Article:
Map of Placentia, ca. 1696

Map of Placentia, ca. 1696.
When the French attacked Avalon in 1696 they took the three Kirke brothers captive and were probably hoping to ransom them. David Jr., Philip and George Kirke were imprisioned at Placentia, where two of them died. The third brother died a short time later in St. John's. This contemporary map, drawn by Baron de Lahontan (Louis Armand de Lom d'Arce) around 1696, depicts the layout of Placentia as it appeared around the end of the 17th century. Lahontan likely drew the map around 1696 based upon information which he had collected during his 1691 and 1692 visits to Placentia. The map was drawn with special reference to the English attack of 1692 and appears to be accurate in its details.
From Baron de Lahontan, New Voyages to North America (Chicago: A. C. McClurg & Co., 1905) 345. Reprinted from the 1703 English edition, includes facsimile of original 1703 map. Original housed in the National Archives of Canada, Ottawa, Ontario. Text information partially based upon Jean-Pierre Proulx, The military history of Placentia: a study of the French fortifications; Placentia: 1713-1811, History and Archaeology Series, vol. 26 (Ottawa, Ontario: National Historic Parks and Sites Branch, Parks Canada, Environment Canada, ©1979) 98.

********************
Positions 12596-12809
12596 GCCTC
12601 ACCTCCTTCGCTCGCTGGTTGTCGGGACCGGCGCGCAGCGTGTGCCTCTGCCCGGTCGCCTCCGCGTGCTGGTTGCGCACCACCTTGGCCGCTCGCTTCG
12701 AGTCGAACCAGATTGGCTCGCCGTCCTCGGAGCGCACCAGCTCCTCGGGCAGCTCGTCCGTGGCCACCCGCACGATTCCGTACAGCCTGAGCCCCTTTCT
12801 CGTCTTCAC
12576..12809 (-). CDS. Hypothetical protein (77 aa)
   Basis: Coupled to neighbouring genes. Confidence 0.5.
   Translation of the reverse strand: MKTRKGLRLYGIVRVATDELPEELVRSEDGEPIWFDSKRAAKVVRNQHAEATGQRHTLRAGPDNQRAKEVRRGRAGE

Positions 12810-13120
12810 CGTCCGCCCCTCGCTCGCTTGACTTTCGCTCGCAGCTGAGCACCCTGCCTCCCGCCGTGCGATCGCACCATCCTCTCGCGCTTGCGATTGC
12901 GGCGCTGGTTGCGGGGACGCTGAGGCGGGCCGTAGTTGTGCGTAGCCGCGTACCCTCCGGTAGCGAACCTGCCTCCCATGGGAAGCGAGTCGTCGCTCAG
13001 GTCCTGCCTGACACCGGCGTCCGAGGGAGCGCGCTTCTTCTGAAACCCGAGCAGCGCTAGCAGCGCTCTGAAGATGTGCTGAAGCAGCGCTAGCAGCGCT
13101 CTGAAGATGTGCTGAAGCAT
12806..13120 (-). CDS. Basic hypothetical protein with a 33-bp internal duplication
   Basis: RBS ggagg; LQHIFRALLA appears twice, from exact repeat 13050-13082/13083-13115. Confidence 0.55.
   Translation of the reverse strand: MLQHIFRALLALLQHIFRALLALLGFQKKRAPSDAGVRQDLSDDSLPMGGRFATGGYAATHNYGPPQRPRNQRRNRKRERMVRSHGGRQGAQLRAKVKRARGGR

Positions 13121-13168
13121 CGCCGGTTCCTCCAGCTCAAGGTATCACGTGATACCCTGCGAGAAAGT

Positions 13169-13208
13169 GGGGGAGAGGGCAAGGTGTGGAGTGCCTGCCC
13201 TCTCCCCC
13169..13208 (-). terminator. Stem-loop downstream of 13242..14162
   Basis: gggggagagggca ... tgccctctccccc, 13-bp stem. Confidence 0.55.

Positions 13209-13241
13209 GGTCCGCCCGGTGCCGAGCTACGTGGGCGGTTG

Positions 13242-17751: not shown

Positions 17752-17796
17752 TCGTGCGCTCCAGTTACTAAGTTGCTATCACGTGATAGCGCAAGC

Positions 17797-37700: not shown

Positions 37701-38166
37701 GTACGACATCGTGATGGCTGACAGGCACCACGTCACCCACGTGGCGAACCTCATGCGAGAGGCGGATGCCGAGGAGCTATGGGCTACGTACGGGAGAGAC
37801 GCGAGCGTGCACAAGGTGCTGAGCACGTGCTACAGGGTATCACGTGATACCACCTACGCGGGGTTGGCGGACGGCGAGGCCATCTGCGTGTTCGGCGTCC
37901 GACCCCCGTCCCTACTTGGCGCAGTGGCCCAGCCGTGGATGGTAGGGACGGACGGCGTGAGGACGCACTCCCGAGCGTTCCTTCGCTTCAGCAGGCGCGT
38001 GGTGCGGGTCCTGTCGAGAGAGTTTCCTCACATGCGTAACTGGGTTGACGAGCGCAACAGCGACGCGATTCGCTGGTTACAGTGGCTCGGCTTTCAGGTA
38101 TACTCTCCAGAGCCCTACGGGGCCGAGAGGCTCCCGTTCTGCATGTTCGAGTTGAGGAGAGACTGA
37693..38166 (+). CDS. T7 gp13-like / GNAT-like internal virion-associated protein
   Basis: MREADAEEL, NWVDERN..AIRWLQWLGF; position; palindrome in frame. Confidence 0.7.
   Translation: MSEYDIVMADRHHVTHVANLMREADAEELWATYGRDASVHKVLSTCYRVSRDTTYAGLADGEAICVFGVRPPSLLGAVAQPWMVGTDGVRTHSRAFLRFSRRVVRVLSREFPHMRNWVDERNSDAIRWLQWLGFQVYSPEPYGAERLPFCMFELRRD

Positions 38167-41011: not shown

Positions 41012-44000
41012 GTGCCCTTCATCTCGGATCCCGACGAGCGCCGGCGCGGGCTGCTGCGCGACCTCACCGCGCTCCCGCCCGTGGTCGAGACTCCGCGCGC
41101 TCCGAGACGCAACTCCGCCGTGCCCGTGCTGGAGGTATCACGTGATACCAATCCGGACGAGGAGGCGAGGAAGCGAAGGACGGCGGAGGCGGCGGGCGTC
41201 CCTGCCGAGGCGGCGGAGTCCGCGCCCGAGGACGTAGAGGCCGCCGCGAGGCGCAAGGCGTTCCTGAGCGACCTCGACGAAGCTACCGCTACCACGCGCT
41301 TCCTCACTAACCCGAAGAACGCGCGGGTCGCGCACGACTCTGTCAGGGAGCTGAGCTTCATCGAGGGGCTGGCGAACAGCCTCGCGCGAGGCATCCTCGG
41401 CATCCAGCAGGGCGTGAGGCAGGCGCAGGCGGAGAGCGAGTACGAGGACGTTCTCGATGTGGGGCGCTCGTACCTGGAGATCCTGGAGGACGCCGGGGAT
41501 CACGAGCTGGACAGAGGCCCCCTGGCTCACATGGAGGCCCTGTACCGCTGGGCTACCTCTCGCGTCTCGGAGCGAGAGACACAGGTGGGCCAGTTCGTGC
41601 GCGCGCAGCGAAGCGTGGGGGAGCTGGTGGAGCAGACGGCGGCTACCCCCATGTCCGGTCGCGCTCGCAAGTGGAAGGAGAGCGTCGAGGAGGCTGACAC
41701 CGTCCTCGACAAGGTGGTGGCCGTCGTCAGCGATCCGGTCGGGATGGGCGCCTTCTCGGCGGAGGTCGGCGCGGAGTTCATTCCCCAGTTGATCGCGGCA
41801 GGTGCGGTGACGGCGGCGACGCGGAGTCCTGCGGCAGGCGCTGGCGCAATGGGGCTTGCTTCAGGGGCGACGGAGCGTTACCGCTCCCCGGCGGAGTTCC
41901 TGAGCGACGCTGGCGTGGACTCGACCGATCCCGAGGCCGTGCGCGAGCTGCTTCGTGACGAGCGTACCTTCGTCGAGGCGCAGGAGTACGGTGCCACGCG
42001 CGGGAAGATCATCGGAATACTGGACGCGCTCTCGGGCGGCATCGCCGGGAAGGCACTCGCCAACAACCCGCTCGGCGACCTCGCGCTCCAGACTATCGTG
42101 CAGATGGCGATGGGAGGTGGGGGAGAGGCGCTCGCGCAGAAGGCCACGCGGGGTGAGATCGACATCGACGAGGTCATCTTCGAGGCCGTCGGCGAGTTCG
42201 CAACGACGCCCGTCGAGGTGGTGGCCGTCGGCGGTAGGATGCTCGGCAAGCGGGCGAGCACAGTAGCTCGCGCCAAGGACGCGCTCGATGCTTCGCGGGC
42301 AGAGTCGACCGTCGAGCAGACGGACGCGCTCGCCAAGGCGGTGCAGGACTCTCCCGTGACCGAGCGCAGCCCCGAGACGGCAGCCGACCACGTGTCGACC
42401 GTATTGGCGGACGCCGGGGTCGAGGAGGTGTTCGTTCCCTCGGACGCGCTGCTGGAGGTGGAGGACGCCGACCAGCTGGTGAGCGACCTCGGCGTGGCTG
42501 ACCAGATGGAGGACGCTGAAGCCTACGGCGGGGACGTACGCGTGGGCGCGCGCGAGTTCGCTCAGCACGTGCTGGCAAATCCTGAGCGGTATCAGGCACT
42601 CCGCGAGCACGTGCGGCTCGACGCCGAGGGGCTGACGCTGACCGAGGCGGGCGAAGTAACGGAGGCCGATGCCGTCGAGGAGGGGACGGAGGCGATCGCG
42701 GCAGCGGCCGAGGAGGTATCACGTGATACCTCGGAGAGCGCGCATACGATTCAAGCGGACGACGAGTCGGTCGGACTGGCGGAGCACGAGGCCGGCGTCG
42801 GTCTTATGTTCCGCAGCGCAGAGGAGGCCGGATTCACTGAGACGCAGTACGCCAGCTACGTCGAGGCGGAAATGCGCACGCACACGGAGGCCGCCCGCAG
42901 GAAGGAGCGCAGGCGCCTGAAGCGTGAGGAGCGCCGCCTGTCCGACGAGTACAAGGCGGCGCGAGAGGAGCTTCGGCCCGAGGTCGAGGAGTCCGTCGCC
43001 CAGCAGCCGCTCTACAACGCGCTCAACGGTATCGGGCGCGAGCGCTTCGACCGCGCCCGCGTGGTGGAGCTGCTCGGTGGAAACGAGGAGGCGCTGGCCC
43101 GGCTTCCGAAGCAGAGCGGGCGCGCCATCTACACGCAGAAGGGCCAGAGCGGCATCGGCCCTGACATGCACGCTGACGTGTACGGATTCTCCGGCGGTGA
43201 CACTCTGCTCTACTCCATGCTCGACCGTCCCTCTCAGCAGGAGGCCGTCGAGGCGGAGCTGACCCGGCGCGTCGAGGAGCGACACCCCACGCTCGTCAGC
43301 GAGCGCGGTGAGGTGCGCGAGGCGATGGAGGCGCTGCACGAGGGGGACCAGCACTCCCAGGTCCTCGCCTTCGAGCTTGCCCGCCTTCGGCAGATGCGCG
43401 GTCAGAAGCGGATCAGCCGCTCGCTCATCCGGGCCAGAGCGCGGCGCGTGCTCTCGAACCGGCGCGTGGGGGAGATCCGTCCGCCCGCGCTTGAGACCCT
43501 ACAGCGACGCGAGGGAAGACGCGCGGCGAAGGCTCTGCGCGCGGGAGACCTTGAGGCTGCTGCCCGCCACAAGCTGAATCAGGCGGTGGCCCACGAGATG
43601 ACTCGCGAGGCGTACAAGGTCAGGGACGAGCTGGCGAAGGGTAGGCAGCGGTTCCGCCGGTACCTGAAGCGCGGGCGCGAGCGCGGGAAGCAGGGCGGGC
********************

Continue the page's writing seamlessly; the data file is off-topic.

Legend explanation:

    A. Placentia fort.
    B. A redoubt mark'd out.
    C. The houses.
    D. The gravel upon which they dry ye Cod.
    E. A mountain cover'd with trees.
    F. An old fort in former times.
    G. The port of Placentia.
    H. Placentia road.
    I. The place where they catch ye Codfish.
    L. The basin with little water.
    M. The river where they catch Salmon.
    N. The place calld ye fountain at ye bottom of ye hill.
    O. The first anchorage of ye English fleet.
    P. The place from ye fleet carronade ye fort.
    Q. An English sloop with two English officers.
    RRRR. French ships at anchor in ye port.

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